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by CG News Desk

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If you are a regular subway rider, you know that climate control in subway stations is theoretical, at best. The New York Transit Museum, housed in a decommissioned subway station in Brooklyn, had no air conditioning or heat when it closed for renovations two years ago. Climate control is still spotty, but the spiffed up museum is much more comfortable now; it even sports a computer resource center, a vast improvement over the olden days of 2001, when the entire museum staff shared just two phone lines. For most visitors old and young, the highlight of the newly renovated museum is the display of vintage subway cars that you can board. (You can test the seats, compare changes in lights, doors and handles, or straps). Before air conditioning, ceiling fans cooled trains. Even the ads on the walls have been preserved. Trains date back to 1904, when they were made of wood, through the 1960s. Since the museum was once a subway station (to be part of the never built Second Avenue line), the trains are on a live third rail, so caution must be exercised. There are also electric and diesel locomotives, which cannot be boarded. A new permanent exhibit, “On the Street”, traces 175 years of surface transportation; there is a traffic intersection, with vintage walk/don’t walk signs (our favorite, the walk/wait signal; little wonder it didn’t go over well in New York City), and cabs of two buses that kids can “drive”. The fronts of two trolleys (which cannot be boarded), parking meters, and a vintage box for The New York Times are also on display. In another exhibit, you can push a variety of buttons, learn about new and old diesel technology, or “drive” a hybrid car and see how the insides work. Visitors can also study how subways were built, and try to lift wheelbarrows filled with debris. In a reverse bird’s eye view, museum goers can peer up and see what’s between a subway ceiling and the street above — in this case, a house. Kids who now have to pay for the subway (those over 44 inches) will enjoy going through a variety of antique turnstiles (for free), tracing the evolution from wooden ones, which accepted nickels, to the modern versions made of stainless steel. Even if you don’t use the lunchroom to eat (there is no food for sale, but you are welcome to bring your own.), be sure to check out the display of old subway signs, which name such obsolete trains as the QB, EE and RR. The theater is also worth a look, even if there is no movie or video showing. You enter through the front of an R46 train; lining the walls are posters from movies and TV shows shot in the subway. A new room for workshops has also been opened. The museum will also be restarting its popular nostalgia family rides in vintage subway cars that can still run.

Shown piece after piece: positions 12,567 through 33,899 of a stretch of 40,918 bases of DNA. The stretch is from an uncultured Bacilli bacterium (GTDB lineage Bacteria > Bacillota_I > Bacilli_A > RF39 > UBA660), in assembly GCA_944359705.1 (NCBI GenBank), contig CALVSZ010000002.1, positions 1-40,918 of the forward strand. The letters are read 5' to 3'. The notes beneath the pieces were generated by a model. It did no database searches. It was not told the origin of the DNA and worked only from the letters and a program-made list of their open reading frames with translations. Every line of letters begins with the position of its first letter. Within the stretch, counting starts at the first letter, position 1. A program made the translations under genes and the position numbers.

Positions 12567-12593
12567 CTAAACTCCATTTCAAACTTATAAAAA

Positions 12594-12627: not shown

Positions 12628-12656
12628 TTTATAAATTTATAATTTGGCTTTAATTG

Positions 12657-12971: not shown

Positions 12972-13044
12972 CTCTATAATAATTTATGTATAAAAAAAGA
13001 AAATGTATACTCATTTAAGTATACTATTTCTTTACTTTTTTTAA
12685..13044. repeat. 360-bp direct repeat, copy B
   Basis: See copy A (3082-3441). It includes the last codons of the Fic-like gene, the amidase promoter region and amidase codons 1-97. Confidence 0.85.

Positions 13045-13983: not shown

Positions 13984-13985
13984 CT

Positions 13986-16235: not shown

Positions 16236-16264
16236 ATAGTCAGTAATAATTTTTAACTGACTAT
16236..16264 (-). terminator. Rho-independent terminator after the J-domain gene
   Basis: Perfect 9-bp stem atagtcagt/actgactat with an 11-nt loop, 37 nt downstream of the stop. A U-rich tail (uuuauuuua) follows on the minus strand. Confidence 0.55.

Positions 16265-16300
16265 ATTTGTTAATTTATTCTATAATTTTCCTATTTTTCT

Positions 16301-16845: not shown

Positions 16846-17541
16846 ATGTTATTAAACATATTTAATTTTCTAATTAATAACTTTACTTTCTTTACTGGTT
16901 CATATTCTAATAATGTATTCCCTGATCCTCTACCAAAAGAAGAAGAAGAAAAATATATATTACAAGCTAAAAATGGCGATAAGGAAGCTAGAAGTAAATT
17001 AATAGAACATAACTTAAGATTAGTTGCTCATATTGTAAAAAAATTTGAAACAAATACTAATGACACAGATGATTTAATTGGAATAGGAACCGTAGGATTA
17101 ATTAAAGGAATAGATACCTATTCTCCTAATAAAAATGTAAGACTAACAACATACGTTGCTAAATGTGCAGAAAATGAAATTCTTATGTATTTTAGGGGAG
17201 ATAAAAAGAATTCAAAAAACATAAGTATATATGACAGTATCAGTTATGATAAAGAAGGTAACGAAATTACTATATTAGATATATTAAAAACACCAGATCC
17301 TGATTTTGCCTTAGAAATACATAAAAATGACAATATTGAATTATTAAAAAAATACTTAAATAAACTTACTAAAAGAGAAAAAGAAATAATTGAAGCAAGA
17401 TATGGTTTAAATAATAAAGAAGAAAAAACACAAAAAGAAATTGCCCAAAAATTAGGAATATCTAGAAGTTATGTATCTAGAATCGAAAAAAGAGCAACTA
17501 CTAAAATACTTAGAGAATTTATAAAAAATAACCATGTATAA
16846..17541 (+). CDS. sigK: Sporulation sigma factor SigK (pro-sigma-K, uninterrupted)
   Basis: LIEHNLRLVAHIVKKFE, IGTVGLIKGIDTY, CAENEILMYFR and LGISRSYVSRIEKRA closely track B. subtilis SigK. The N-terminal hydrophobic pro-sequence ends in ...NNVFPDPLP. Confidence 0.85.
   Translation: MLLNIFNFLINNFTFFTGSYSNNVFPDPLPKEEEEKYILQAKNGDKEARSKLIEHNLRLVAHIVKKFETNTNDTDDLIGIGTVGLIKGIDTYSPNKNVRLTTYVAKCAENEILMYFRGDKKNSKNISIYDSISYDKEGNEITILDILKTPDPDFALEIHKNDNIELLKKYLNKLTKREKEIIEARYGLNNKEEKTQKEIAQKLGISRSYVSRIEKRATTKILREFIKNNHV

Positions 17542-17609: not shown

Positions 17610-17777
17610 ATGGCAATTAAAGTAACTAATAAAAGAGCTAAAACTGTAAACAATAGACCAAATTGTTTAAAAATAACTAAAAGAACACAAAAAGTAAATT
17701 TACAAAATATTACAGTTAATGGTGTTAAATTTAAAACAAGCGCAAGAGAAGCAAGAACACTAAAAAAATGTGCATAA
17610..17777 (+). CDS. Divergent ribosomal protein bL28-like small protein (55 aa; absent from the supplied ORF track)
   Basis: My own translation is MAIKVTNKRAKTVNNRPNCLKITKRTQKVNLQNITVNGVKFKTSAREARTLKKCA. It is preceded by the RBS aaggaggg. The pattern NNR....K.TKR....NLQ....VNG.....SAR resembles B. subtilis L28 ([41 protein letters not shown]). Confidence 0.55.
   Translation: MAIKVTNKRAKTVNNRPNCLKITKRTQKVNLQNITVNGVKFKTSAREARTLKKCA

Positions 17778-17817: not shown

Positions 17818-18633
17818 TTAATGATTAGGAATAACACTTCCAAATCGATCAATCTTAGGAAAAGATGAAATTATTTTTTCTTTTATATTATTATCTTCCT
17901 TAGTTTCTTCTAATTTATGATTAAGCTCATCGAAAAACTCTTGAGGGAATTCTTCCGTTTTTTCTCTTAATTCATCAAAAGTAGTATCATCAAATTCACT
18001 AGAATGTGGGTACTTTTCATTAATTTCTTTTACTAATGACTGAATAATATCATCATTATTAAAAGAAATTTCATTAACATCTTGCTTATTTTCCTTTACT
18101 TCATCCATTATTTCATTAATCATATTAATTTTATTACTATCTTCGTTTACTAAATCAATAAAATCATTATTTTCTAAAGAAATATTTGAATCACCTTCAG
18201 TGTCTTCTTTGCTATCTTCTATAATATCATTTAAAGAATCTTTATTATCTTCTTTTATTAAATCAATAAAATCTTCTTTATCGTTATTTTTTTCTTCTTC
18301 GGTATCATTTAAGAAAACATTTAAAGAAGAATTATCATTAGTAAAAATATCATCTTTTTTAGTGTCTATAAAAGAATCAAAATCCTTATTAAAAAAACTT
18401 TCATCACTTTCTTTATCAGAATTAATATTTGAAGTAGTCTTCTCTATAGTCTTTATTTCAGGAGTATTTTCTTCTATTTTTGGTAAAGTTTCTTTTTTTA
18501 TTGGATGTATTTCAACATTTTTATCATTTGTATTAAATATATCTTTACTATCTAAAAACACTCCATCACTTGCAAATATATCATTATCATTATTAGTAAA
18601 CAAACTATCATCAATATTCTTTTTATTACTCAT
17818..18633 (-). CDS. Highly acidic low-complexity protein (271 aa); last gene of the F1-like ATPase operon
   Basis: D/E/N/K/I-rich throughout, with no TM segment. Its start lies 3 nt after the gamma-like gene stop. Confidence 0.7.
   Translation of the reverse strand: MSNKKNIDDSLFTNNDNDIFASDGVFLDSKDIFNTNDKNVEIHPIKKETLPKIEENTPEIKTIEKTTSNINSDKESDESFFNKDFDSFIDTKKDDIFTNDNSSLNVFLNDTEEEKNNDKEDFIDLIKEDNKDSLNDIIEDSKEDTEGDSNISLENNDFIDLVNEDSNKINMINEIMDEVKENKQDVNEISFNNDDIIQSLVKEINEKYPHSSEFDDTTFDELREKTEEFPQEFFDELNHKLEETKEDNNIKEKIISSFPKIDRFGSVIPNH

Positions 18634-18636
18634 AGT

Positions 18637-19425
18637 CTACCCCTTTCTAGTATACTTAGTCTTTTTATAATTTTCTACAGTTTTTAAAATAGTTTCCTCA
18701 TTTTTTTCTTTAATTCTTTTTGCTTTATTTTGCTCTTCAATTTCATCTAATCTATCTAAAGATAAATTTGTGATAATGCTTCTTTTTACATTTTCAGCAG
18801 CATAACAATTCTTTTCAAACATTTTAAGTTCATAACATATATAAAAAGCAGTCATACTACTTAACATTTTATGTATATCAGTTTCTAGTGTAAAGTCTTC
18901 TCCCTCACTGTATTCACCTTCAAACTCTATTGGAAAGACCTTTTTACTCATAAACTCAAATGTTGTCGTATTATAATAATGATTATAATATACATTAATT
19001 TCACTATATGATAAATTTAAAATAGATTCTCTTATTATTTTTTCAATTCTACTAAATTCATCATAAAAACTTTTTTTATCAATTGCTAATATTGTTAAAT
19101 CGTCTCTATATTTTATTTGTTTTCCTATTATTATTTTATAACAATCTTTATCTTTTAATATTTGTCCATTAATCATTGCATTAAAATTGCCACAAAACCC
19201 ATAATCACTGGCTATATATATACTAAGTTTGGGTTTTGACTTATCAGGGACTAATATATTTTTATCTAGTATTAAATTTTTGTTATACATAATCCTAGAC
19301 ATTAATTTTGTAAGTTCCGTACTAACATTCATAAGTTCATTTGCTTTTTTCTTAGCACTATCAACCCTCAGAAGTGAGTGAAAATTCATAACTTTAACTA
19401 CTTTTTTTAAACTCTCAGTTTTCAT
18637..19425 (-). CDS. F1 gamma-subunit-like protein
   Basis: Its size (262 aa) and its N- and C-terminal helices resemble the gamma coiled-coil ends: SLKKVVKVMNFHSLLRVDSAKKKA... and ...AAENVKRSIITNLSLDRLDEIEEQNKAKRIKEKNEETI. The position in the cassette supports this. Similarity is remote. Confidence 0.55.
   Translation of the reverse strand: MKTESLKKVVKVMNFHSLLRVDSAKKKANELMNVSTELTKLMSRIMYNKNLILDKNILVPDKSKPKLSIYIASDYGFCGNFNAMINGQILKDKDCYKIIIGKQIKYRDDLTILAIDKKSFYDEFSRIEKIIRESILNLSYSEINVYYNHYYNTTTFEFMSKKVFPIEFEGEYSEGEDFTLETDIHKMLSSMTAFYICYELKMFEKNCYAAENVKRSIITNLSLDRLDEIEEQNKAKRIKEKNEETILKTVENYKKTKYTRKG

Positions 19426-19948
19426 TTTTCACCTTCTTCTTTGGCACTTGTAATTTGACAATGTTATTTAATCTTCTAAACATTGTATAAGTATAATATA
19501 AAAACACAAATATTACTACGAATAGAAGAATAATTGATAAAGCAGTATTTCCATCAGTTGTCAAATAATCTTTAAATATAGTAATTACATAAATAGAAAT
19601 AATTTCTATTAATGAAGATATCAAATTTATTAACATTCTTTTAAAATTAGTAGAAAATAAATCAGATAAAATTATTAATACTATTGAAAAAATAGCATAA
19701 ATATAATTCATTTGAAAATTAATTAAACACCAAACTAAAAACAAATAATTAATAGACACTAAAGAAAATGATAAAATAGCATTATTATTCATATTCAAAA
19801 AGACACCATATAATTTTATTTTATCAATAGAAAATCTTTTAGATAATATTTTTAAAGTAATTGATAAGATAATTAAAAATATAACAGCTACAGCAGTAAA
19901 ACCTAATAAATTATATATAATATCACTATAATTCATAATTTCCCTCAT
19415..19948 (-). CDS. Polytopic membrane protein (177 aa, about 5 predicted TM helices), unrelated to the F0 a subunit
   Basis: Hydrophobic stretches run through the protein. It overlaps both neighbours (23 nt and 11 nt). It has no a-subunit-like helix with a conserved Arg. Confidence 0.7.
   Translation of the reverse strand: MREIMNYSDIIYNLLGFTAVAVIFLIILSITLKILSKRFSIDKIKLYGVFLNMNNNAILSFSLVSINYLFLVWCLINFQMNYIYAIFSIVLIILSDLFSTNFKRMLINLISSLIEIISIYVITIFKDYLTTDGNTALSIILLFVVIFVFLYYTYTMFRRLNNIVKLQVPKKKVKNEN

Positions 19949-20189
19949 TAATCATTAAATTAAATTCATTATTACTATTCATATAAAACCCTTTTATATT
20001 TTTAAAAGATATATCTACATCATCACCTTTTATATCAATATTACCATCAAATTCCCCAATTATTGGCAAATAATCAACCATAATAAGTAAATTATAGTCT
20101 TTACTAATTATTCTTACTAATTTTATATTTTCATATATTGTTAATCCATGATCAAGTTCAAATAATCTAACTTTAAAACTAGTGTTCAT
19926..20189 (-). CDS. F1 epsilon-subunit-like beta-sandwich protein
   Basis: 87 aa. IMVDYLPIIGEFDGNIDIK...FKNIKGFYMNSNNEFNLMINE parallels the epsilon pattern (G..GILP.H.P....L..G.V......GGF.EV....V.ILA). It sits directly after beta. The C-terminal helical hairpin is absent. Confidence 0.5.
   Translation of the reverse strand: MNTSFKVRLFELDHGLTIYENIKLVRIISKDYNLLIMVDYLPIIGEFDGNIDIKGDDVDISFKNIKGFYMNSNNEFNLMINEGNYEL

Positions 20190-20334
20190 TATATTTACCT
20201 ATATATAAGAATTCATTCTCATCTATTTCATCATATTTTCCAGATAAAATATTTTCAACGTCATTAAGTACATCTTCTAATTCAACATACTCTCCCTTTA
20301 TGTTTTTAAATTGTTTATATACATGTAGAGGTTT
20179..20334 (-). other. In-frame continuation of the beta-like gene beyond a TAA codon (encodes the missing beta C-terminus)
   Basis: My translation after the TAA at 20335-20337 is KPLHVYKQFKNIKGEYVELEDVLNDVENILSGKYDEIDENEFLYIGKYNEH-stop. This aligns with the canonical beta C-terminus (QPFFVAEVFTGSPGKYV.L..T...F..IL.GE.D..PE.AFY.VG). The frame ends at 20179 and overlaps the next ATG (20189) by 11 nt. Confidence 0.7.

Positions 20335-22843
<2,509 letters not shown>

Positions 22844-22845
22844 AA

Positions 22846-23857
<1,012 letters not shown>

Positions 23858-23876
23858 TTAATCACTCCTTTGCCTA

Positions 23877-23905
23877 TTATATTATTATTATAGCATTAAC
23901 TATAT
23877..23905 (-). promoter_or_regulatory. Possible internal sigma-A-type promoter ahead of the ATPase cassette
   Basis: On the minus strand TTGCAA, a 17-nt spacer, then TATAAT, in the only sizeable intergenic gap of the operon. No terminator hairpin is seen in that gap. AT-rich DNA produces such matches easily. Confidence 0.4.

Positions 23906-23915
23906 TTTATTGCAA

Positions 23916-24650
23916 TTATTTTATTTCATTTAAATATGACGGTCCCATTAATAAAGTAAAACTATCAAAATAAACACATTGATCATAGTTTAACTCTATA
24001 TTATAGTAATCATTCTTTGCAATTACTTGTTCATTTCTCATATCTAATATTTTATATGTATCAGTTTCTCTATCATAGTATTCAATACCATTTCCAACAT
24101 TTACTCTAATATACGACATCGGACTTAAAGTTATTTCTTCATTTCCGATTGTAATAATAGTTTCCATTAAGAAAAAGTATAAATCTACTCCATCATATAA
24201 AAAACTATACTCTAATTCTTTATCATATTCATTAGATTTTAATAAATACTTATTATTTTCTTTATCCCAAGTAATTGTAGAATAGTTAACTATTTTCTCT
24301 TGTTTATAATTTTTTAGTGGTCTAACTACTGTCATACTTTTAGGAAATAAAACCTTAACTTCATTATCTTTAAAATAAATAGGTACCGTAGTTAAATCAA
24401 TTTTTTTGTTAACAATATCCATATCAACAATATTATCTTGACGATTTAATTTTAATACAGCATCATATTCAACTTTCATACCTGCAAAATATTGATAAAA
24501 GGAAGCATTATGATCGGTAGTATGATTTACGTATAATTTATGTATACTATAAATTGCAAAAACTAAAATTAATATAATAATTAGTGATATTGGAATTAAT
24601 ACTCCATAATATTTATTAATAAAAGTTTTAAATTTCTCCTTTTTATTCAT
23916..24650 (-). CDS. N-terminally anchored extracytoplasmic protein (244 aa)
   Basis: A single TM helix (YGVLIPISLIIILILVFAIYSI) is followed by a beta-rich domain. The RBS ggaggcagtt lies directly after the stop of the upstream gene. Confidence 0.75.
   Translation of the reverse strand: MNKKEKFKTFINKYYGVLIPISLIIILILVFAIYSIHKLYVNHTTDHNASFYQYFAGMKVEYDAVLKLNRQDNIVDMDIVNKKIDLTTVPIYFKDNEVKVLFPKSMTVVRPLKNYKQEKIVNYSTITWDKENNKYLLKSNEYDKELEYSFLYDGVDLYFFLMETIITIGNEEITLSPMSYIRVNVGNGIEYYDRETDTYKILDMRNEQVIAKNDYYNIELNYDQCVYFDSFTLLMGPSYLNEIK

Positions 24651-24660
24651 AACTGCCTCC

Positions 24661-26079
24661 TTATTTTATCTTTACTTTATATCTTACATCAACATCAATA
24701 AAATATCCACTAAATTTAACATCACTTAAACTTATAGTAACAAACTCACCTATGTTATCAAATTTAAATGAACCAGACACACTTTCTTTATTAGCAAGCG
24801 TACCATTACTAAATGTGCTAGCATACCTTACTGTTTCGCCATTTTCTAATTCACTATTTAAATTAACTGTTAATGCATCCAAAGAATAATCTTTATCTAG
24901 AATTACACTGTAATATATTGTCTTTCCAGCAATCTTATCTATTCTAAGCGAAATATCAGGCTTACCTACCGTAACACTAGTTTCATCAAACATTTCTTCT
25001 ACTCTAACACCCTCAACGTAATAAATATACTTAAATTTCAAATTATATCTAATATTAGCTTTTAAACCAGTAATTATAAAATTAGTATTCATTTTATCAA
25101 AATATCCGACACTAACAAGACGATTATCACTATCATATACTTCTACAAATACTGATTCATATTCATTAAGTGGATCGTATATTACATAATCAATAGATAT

Info: Where: Boerum Place and Schermerhorn Street, Brooklyn When: Open Tuesday-Friday, 10am-4pm; Saturdays and Sundays, noon-5pm How much: $5 adults, $3 seniors and children 3-17; free under age 3 Getting there: Underscoring its name, the Transit Museum is very convenient to public transportation. You can take 2, 3, 4 or 5 trains to Borough Hall; M, N, R to Court Street; A, C, G to Hoyt-Schermerhorn Street; or A, C, F to Jay Street-Borough Hall For more info: (718) 243-8600; www.mta.nyc.ny.us/museum Note: There is also a new exhibit at the New York Transit Museum Gallery Annex, in Grand Central Terminal. Through November 16, you can see “Transit Views: Selected Prints by the New York Society of Etchers”. There are examples of Intalgio printing, a hand press, etching, aquatinting and engraving on display. The gallery annex has free admission, and while the exhibit may not be worth a special trip, it is a pleasant diversion when passing through Grand Central. The annex, along with the store, is open Monday-Friday, 8am-8pm; Saturdays and Sundays, 10am-6pm. — Judy Antell

 

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